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Maya Angelou’s 90th birthday: 8 ways she blessed us

Maya Angelou’s 90th birthday: 8 ways she blessed us
Dr. Maya Angelou gives keynote at Women 2 Women luncheon in Atlanta on March 1, 2014 (Photo credit: Sistarazzi for Steed Media Service)

Dr. Maya Angelou was a renowned poet, author and teacher who touched the hearts of her fans with her words. She is best known for her catalog of autobiographical memoirs that painted an authentic picture of life. A pragmatic leader of her people, she was the second poet in history to read a poem at a presidential inauguration, and the first African American and woman. Her life was a true testament to the power of the Black woman. She was unapologetic in her thoughts and thus inspired us all. Born on April 4, 1928, today we honor her 90th birthday and we celebrate eight ways that the poet born Marguerite Annie Johnson has blessed us.

Before she became the influential writer the world knows, Angelou was a singer and dancer. Her talents afforded her the opportunity to travel the world in 1954, from Europe to Africa to perform “Porgy and Bess” for the U.S. State Department.

She later released Miss Calypso. The album consisted of a variety of calypso songs and was her only album. It cemented her evolution as a writer for different mediums.

Angelou was active in the civil rights and Black nationalist movements. In 1960, she wrote, produced, directed and performed in a musical revue, “Cabaret for Freedom.” The performance helped to raise money for the Southern Christian Leadership Conference.  She later became the SCLC’s northern coordinator for a short period of time.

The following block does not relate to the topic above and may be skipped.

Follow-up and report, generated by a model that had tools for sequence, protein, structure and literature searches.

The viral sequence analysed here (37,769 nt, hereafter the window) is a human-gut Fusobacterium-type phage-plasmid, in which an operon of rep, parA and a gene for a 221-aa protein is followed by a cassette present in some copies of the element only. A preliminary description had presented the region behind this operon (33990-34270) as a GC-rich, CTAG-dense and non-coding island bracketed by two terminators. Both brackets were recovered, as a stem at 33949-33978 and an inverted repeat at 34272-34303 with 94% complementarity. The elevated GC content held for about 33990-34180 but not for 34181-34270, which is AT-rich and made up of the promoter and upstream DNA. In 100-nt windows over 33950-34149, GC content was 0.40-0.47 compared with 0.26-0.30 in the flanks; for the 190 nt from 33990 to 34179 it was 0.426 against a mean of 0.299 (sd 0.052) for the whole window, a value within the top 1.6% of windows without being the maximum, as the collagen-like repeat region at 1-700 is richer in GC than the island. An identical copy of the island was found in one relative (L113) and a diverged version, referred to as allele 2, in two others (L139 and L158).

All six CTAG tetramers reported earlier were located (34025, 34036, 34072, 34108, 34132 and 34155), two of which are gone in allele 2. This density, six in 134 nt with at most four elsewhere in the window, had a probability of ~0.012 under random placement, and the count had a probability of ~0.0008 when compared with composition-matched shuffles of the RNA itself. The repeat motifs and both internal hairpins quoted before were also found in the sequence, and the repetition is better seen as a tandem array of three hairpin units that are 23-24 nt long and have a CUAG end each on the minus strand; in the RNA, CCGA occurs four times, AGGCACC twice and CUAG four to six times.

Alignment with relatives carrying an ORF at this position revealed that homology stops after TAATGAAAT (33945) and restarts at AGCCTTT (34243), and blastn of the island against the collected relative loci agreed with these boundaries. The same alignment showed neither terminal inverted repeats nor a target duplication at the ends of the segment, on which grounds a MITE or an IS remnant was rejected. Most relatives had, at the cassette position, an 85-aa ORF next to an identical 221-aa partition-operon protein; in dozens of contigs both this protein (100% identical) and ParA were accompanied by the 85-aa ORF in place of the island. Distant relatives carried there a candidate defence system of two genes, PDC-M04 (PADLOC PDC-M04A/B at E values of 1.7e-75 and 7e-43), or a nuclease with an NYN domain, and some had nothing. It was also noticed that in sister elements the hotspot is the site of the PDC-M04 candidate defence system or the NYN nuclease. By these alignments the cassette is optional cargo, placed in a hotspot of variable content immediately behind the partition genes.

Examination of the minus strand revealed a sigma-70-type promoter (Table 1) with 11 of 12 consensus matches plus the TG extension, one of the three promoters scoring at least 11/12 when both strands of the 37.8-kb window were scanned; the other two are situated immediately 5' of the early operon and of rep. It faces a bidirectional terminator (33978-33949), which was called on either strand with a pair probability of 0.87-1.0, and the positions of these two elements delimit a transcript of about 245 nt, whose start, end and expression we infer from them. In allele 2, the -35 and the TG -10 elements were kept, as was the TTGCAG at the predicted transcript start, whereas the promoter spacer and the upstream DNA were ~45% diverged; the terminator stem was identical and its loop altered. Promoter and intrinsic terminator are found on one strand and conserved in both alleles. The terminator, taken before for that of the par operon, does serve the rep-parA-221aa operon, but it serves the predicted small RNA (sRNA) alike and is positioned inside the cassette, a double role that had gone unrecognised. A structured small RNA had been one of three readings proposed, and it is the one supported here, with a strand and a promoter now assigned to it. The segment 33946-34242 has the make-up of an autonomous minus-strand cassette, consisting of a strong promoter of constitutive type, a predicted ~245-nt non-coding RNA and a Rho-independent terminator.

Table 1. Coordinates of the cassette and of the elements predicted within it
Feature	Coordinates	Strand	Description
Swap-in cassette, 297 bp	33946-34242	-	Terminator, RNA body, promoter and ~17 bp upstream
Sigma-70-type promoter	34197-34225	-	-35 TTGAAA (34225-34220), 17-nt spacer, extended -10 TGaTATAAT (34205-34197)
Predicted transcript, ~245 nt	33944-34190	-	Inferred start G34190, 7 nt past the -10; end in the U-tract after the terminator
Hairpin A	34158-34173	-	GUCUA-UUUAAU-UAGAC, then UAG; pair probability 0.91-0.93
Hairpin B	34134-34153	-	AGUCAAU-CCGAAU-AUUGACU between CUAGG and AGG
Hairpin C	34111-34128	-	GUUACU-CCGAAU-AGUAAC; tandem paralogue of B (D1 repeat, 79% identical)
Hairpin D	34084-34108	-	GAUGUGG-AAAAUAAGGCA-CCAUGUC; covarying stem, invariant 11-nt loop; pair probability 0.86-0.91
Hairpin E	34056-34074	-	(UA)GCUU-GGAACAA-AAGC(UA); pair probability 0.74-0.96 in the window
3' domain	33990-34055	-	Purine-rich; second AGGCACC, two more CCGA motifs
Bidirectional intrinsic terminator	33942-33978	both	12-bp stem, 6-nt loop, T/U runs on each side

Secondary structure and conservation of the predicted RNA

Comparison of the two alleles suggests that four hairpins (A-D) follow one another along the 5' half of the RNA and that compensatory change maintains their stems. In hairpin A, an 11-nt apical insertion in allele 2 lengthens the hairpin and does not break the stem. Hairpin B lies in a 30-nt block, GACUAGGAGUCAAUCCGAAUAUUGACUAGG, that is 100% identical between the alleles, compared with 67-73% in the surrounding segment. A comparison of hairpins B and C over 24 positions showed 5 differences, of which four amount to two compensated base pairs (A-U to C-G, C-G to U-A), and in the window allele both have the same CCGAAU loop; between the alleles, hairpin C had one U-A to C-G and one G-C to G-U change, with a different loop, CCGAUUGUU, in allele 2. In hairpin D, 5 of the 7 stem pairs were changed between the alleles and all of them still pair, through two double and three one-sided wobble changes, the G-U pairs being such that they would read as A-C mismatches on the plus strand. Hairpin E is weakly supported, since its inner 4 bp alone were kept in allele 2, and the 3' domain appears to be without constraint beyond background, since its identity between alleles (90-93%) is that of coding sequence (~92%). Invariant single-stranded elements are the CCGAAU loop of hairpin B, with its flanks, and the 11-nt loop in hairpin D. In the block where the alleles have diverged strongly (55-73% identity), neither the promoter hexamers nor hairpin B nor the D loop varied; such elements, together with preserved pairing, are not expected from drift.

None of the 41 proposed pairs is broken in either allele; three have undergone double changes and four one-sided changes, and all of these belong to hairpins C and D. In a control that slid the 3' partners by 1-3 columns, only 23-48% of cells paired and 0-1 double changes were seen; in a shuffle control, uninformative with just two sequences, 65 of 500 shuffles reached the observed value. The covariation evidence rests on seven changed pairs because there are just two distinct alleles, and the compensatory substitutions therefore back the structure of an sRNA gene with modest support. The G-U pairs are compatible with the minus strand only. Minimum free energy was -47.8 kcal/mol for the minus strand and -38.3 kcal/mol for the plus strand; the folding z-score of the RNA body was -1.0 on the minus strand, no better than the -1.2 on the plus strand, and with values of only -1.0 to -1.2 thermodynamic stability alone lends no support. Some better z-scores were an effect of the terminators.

A humanitarian, Angelou served the world when she went to Ghana as an assistant administrator for the School of Music & Drama at the University of Ghana. She also worked as feature editor for the African Review.

She penned her most famous memoir, I Know Why the Caged Bird Sings in 1969. The book chronicles Angelou’s childhood. Race, sexual abuse and violence were some of the themes discussed in the autobiography.  In 1979, it was broadcast on television with a script and musical score written by Angelou.

Phenomenal Woman was a book of four poems written in 1970. The poem addresses issues of inner beauty and self-confidence within a society that oppresses women. Angelou is riveting in defining her own beauty and that is what makes her phenomenal. Her words have been implemented by the women’s movements for social justice and equality.

Angelou translated her talents to film and television. She was the first Black woman to have a screenplay (“Georgia, Georgia”); it was produced in 1972. She also directed Down in the Delta, a film that tells an inspiring story with an ensemble cast that included Alfre Woodward, Loretta Devine, Wesley Snipes and Esther Rolle.

President Bill Clinton asked her to write and read her poem in 1993 during his first inauguration. She transfixed Americans as she read “On the Pulse of Morning,” which challenged the new administration to strive for progress. This was a major accomplishment, as she became the second poet to participate in a president’s inauguration after Robert Frost.

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